Sandy Wilson

Alexander Galbraith "Sandy" Wilson (19 May 1924 – 27 August 2014) was an English composer and lyricist, best known for his musical The Boy Friend (1953).[1]


Wilson was born in Sale, Greater Manchester and was educated at Harrow School and Oriel College, Oxford. During the war he served in the Royal Army Ordnance Corps in Great Britain, Egypt and Iraq. While at Oxford he wrote revues for the Oxford University Experimental Theatre Club and then attended the Old Vic Theatre School on a production course.[2]

Most of his work for the stage was material for revues, such as Hermione Gingold's Slings and Arrows, Laurier Lister's Oranges and Lemons, and See You Later, starring such performers as Peter Cook. He wrote the book, music and lyrics for The Boy Friend for the Players' Theatre in 1953. Its success resulted in a longer version being produced in the West End at Wyndhams Theatre. After its opening in January 1954, over 2,000 performances were put on there. It opened on Broadway in 1954, at the Royale Theater, and introduced Julie Andrews in her Broadway debut.[1] The show ran on Broadway for over 480 performances.[2]

Wilson wrote the musical Valmouth in 1958, based on a Ronald Firbank novel set in a seaside resort. In 1964 he wrote Divorce Me, Darling!, a sequel to The Boy Friend.[2] His last work was a version of Aladdin (1979) for the Lyric Theatre, Hammersmith.[3]

His autobiography, published in 1975, is titled I Could Be Happy.[4]

Sandy Wilson died in Taunton, England in 2014, aged 90.[2] His longtime partner was Chak Yui.[5] Wilson was a member of the Labour Party.

In 1999, Wilson donated his papers to the Harry Ransom Center.[6] The papers include produced and unproduced plays, mostly musicals but also plays for stage and TV, as well as drafts of Wilson's published and unpublished works including an autobiography, illustrated book, novels, articles, and short stories, along with correspondence.



  1. ^ a b Stevens, Christopher (2010). Born Brilliant: The Life Of Kenneth Williams. John Murray. pp. 364/5. ISBN 1-84854-195-3.
  2. ^ a b c d Daniel E. Slotnik, "Sandy Wilson, Composer and Writer of ‘The Boy Friend,’ Dies at 90", New York Times, 31 August 2014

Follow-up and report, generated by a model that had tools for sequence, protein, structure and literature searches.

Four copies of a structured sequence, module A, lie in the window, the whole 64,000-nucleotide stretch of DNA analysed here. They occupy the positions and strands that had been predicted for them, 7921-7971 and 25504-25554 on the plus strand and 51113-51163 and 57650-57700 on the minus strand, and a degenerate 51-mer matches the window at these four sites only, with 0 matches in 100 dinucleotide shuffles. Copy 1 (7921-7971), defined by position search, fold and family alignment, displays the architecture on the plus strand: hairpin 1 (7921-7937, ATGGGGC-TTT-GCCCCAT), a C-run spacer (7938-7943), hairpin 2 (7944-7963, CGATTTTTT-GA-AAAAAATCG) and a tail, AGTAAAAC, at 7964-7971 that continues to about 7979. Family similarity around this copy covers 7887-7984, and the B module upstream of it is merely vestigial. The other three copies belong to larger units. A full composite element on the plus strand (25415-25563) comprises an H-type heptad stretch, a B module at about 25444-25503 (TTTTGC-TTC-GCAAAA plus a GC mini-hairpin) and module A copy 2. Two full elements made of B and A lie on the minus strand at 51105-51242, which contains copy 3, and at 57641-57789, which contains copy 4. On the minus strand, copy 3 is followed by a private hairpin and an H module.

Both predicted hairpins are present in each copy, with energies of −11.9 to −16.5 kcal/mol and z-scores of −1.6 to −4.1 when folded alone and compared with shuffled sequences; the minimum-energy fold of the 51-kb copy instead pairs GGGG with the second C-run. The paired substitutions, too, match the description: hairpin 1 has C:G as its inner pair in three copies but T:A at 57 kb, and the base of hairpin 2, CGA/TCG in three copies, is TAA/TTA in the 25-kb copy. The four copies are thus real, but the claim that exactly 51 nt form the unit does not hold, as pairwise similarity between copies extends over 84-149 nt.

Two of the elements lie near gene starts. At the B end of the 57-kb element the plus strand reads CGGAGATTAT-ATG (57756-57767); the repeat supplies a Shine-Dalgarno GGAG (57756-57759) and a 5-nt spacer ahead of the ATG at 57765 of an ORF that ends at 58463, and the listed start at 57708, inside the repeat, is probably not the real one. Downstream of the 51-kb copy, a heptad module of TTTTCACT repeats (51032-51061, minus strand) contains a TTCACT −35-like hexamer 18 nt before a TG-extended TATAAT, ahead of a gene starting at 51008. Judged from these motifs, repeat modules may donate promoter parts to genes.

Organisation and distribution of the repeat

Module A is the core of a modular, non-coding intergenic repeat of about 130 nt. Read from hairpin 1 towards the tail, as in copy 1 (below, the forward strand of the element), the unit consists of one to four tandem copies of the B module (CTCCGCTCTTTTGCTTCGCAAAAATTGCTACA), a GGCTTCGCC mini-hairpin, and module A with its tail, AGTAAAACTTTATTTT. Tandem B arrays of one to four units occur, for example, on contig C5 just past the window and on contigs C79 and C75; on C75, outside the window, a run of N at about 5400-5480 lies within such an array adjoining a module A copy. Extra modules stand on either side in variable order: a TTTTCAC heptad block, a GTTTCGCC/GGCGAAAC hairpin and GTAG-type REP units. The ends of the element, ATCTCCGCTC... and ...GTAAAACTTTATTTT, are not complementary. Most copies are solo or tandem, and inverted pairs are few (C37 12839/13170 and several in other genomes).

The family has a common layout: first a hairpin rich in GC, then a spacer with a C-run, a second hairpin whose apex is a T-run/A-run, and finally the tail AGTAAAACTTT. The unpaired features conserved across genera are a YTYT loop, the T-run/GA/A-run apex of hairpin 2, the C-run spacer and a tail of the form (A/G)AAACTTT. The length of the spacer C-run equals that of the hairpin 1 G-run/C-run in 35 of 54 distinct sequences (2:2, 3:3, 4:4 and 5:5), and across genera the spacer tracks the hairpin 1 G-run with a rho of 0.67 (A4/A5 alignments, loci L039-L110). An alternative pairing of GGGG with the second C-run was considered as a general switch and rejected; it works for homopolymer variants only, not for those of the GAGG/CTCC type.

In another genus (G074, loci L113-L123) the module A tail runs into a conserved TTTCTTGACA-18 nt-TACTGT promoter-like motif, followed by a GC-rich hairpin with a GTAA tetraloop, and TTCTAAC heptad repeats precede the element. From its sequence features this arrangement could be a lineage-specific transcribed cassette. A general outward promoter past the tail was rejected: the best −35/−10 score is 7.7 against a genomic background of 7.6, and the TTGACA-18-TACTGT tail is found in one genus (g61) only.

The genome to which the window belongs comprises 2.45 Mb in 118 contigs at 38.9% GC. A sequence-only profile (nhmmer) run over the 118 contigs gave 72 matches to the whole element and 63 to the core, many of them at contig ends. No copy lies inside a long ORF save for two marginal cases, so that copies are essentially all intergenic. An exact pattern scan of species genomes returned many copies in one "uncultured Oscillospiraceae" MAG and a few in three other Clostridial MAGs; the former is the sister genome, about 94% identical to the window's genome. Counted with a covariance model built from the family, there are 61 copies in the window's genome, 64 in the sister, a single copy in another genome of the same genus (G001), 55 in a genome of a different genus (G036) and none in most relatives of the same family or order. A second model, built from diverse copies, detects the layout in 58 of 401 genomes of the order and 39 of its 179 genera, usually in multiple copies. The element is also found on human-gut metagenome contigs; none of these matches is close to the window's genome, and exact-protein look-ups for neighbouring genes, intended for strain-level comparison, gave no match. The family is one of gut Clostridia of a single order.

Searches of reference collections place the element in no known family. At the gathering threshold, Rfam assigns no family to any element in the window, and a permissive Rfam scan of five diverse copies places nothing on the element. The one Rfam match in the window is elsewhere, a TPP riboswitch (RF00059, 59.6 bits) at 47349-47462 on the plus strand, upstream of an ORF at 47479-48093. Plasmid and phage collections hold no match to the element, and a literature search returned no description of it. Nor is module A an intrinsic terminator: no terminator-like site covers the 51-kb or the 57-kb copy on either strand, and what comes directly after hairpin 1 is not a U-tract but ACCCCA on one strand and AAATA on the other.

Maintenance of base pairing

3. ^ Freedland, Michael and Michael Coveney. "Sandy Wilson obituary", The Guardian, 27 August 2014, accessed November 10, 2017
  4. ^ Beck, Andy and Fisher, Brian. Broadway for Two, Alfred Music Publishing, 2007, ISBN 0-7390-4477-X, p. 82
  5. ^
  6. ^ "Sandy Wilson:A Preliminary Inventory of His Papers at the Harry Ransom Humanities Research Center", retrieved 9 March 2010


  • Gale, Steven. Encyclopedia of British Humorists: Geoffrey Chaucer to John Cleese, Volume 2, Taylor & Francis, 1996, ISBN 0-8240-5990-5, p. 1216.

External links

1985 Toronto International Film Festival

The 10th Toronto International Film Festival (TIFF) took place in Toronto, Ontario, Canada between September 5 and September 14, 1985. The festival featured 460 feature films, the highest number of films in festival.My American Cousin by Sandy Wilson was selected as the opening film.

7th Genie Awards

The 7th Genie Awards were held March 20, 1986, at the Metro Toronto Convention Centre to honour achievements in Canadian film in 1985. The ceremony was co-hosted by Leslie Nielsen and Catherine Mary Stewart.

Aladdin (1979 musical)

Aladdin is a musical written by Sandy Wilson for the newly-refurbished Lyric Theatre, Hammersmith. Although not a pantomime, it played during the theatre's inaugural Christmas pantomime season of 1979/80 at the theatre, opening on 21 December 1979, and starred Richard Freeman as Aladdin, Joe Melia as Tuang Kee Chung (Widow Twankey), Aubrey Woods as Abanazar, Ernest Clark as The Emperor, Martin McEvoy as The Genie, Elizabeth Welch as Fatima and Christine McKenna as Badr-al-Badur.

American Boyfriends

American Boyfriends is a 1989 Canadian comedy-drama film, and the sequel to My American Cousin (1985). As before, it was written and directed by Sandy Wilson. Margaret Langrick and John Wildman reprise their roles as Sandy Wilcox and Butch Walker respectively.

The soundtrack for this film contains songs by a number of popular Canadian music groups of the era including Barney Bentall and the Legendary Hearts, Colin James, Sass Jordan, Spirit of the West and BTO. The soundtrack was released on CD by Penta Records.

Einar Nerman

Einar Nerman (6 October 1888 in Norrköping – 30 March 1983 Lidingö) was a Swedish artist. He was born and grew up in middle-class family in the working-class city of Norrköping and was the younger brother of the Swedish Communist leader Ture Nerman. Einar Nerman also had a twin brother, Birger Nerman, who was an archeologist.

Einar Nerman dropped out of his Norrköping Gymnasium High School in 1905 and moved to Stockholm to study art. In 1908 he moved to France for many years to pursue his interest in art, studying with Matisse at the Academie Matisse in Paris.

When he came back to Sweden in 1912 he started studying music and taking dance lessons. In the 1920s Nerman lived in London and drew images for The Tatler. During World War II, he lived and worked in New York City.

Einar Nerman wrote songs and music and composed music to many of his brother Ture Nerman’s poems. He also made many of the artistic book covers for his Communist brother's published writings.

Einar Nerman also made illustrations for many of the books by Selma Lagerlöf. In Sweden today, he is mostly known, or unknown, for being the man behind the art of the Solstickan matchbox. He also made some famous drawings of Greta Garbo, one of which was used on a postage stamp in 2005, a hundred years after the moviestar's birth.